From the September 1998 Idaho Observer:
For the record:
Spokesman Review Staff Writer Kevin Keating, who has become notoriously antagonistic among citizens who believe in the Constitution(s), property rights and limited government, wrote a story headlined, "Judge orders miners off of Boundary Creek Road," that appeared in what some people are beginning to refer to as the Socialist Review August 18, 1998.
For the record, The Idaho Observer would like to correct the inaccuracies of Keating's apparently "pro- government" article.
"The mine owners have been observed driving trucks and all-terrain vehicles behind locked gates on national forest land," the article states.
Aside from the all terrain vehicles that nobody seems to know anything about unless Keating was referring to motorcycles, roads are made for vehicular traffic. The Boundary Creek Road, which has been used by the public for over 100 years, has always been considered an easement through national (public) forest land until the federal government decided to close the road to the public and did so without any form of a public hearing.
The Keating article quoted the government as stating, "They have also removed Forest Service locks and repaired portions of the road without a proper permit, Forest Service officials said Monday."
Yes, the "miners (who are actually property owners who have shares in a mine that is currently inactive)" have removed the federal government's locks because they were changed when the shareholders were denied access to their property by the Forest Service July 27. The USFS changed the locks on the gate after the property owners refused to sign a conditional use permit that would allow the government to dictate when the men could and could not visit their own property. As for having the audacity to begin repairing the road "without a proper permit" the shareholders and a crew set out to debunk one of the absurd claims made by the Forest Service that maintenance of the road is too costly. The mine owners have stated that they will maintain the road themselves at no cost to the federal government.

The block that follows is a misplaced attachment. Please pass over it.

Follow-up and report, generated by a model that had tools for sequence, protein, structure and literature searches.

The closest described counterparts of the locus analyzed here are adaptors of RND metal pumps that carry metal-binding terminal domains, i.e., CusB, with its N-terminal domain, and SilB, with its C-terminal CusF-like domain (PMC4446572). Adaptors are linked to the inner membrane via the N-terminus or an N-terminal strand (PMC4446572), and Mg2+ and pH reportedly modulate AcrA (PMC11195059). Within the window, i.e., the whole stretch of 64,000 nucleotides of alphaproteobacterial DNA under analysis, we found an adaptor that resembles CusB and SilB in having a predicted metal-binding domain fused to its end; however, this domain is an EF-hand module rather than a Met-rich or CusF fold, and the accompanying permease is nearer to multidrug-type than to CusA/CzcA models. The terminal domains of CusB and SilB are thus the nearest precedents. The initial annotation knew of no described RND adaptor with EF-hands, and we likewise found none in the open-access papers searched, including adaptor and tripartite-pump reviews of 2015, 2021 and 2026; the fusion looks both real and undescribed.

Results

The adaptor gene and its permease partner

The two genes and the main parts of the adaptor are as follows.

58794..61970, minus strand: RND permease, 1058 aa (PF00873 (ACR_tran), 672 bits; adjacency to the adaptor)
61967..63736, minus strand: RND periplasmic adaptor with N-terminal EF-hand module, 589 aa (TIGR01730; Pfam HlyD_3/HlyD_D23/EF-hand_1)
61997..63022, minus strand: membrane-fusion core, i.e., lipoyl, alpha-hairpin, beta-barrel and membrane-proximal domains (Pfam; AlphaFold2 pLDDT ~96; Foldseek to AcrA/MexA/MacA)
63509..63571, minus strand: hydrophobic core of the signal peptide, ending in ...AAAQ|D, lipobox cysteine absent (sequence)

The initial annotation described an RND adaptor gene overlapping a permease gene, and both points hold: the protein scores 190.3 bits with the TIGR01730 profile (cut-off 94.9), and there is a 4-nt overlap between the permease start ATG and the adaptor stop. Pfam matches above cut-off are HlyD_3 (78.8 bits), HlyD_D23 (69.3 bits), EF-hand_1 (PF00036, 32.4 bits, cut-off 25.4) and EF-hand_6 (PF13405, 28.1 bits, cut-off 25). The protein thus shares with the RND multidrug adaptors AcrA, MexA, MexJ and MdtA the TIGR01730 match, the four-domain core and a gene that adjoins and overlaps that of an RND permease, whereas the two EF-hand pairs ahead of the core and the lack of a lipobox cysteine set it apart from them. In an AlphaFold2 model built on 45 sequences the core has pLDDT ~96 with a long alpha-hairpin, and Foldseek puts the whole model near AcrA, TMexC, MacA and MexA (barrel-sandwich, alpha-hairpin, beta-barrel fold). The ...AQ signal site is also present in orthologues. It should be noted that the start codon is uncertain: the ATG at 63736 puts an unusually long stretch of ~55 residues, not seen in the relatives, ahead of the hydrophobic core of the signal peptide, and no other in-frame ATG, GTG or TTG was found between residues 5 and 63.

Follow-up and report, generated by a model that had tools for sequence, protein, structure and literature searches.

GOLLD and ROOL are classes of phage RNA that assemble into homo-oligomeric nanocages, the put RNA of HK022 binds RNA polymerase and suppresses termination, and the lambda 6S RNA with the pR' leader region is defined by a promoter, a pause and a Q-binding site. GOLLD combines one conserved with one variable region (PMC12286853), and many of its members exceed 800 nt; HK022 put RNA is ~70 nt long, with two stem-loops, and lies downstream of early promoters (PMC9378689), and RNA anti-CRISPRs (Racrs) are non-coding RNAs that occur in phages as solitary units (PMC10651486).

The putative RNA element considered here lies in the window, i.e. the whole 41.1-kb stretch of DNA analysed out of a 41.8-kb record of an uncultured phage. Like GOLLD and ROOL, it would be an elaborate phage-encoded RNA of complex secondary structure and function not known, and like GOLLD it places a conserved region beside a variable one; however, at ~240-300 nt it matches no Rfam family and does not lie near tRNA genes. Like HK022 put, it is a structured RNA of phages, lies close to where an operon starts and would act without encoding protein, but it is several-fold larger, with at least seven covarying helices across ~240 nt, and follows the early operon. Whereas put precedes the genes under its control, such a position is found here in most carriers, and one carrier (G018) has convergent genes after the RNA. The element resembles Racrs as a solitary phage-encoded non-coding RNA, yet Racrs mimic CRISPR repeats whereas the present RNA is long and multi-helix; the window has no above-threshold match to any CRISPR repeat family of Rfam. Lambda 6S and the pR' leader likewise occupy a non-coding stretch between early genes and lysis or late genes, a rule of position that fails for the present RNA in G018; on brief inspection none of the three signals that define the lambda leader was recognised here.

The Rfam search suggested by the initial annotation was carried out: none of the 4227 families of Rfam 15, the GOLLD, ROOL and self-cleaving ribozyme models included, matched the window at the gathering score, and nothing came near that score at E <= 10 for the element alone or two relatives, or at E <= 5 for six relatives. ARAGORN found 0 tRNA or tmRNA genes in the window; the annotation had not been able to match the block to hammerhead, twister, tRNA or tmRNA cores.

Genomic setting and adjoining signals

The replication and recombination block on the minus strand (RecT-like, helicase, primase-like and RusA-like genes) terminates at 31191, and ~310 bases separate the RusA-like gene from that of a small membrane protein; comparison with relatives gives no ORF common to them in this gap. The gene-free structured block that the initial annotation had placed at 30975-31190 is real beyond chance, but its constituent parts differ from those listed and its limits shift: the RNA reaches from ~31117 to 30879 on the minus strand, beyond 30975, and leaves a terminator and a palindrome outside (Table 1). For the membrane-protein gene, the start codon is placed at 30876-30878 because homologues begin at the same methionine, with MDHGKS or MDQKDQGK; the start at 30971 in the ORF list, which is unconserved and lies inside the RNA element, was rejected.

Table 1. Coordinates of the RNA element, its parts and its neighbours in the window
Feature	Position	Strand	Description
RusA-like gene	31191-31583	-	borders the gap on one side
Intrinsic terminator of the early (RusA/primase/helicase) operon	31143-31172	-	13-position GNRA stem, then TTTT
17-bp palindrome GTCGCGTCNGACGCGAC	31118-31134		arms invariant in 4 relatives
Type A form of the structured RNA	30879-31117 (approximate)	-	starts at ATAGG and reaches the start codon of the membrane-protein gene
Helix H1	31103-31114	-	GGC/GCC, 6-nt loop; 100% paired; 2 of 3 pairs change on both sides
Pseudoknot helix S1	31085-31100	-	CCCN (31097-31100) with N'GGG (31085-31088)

Interestingly, there is a Supreme Court decision which states that if federal money is used in a project, the federal government has controlling authority over the project. The USFS no doubt rationalizes its authority to completely deny public access to this area based upon the fact that it was a member of an association that has pooled resources with other entities to maintain the road since the 1960s.
"'We cannot allow people to cut off locks, drive in restricted areas and do unauthorized road repairs,' said Bonners Ferry District Ranger Elaine Zieroth."
If Keating was disposed toward being sympathetic to property owners in America, he would have at least allowed the "miners" to have their side of the argument, which is supported by the Boundary County Commission, reported in the article. If Keating had any clue that what is really at stake here is the ability of the federal government lock the American public out of its own, resource-laden national forests, he would have reported the dire implications of Zieroth's statement.